What the hype is all about: The Bombay Canteen, Mumbai

Everything Indian with a firangi twist

Why The Bombay Canteen- Modern Indian is one fancy term, which I believe even the Shiv Sagars of the world will start using soon, albeit understanding the same or not. But The Bombay Canteen aims at creating ‘fusion’ and does it successfully so. Be it presenting tacos made of theplas, or multi grain khichdi, or serving starters in the forgotten pattals (leaf plates), everything is downright desi, with a subtle firangi twist.

Frankly, a restaurant opens in Mumbai every fortnight but not many create a stir and a haul as anticipatory as The Bombay Canteen, which recently opened in Kamla Mills, Lower Parel, Mumbai. Opened by a New York returned chef Floyd Cardoz and Thomas Zacharias, the simplicity and intricate ‘Indian-ness’ of it all, comforted us as we dug into our delicious staple food.

The Menu resembles registers we scribbled on, commencing our tryst with everything Indian, as we observe buzzing tables and bar stools on a Tuesday evening. We spot Rahul Akerkar (Indigo) being ushered in, as perch ourselves atop their high chairs and browse through their crisp, intrinsic Indian menu. Kept interesting and intriguing, the menu is not a barrage of endless pages, with overbearingly ‘creative’ dishes, seen at most restaurants, which just seem to try too hard.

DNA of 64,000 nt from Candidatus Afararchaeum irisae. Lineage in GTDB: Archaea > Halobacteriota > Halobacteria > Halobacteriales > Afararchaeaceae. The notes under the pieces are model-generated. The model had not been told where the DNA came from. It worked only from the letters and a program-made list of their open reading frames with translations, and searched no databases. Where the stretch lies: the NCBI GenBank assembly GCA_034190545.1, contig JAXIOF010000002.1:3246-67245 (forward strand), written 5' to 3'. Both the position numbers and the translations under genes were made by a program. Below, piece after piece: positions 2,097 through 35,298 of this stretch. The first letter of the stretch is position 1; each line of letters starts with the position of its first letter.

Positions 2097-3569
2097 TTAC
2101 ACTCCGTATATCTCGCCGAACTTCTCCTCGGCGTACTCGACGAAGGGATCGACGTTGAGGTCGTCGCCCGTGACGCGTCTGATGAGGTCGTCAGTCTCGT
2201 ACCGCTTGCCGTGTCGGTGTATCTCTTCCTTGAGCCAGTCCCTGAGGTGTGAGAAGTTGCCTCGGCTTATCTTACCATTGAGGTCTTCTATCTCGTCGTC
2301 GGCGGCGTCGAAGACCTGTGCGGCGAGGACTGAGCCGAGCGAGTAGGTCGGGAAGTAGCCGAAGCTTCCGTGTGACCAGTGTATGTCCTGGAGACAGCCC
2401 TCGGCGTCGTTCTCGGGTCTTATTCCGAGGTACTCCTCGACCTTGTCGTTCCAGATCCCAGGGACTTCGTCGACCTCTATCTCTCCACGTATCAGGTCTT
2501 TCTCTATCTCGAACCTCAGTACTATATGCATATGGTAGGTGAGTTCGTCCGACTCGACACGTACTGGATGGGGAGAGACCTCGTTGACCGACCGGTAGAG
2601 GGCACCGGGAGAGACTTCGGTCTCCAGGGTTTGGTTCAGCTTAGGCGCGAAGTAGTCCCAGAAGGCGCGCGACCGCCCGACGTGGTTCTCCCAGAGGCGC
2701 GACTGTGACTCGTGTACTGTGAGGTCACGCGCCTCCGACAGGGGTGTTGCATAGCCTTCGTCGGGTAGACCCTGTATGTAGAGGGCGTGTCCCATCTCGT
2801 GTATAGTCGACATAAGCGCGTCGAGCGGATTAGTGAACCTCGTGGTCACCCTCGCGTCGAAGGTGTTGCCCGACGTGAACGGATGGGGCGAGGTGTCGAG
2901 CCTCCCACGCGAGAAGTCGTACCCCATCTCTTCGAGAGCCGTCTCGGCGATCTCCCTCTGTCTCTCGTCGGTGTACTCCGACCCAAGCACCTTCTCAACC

The Indian-ness
The dishes aren’t of course your usual butter chicken and dal makhani, as the chef took an Indian road trip to discover dishes that define India, right from a Mallu drumstick soup to a Tamil kuthu roti, street dishes, from the interiors of India have been thrust under the spotlight of the South Bombay fine dining scene.  A first, which is barely scene at any Indian restaurant, you are served from an assortment of chintus, more like farsan or chaknas, which are priced at Rs 40, while you wait for the main course. The multigrain khichdi comes with the masaal daan (spice-box) carrying an assortment of pickles, chutney, onions, etc. followed by the must try-Arugula salad. Paneer bhurji comes with pao, a Parsi typical, nudging me to stop writing and dig into this creative play of simple dishes. The food is exactly ‘ghar-ka-khana’, as we try dish after dish without feeling heavy or bloated.

The Bombay-ness
At this India inspired café, the décor is a lot like old Bombay buildings and hospitals, with stained glass windows and different mosaic flooring.

The hype- Ifsomeone comes to Bombay,this is one place, where I would really want to take them. Not because it’s totally Bombay, but because it’s completely Indian, in a city that celebrates and shelters the diversity which we call India.

Fact File
Where- Kamala Mills, Lower Parel, Mumbai
Cost for Two- Rs 1500, excluding alcohol and taxes
Must try- Mallu drumstick soup, Kuthu roti, Paneer bhurji, Gulab Nut
Dress code- Smart casuals

Text- Avni Mehrotra; Pictures: The Bombay Canteen



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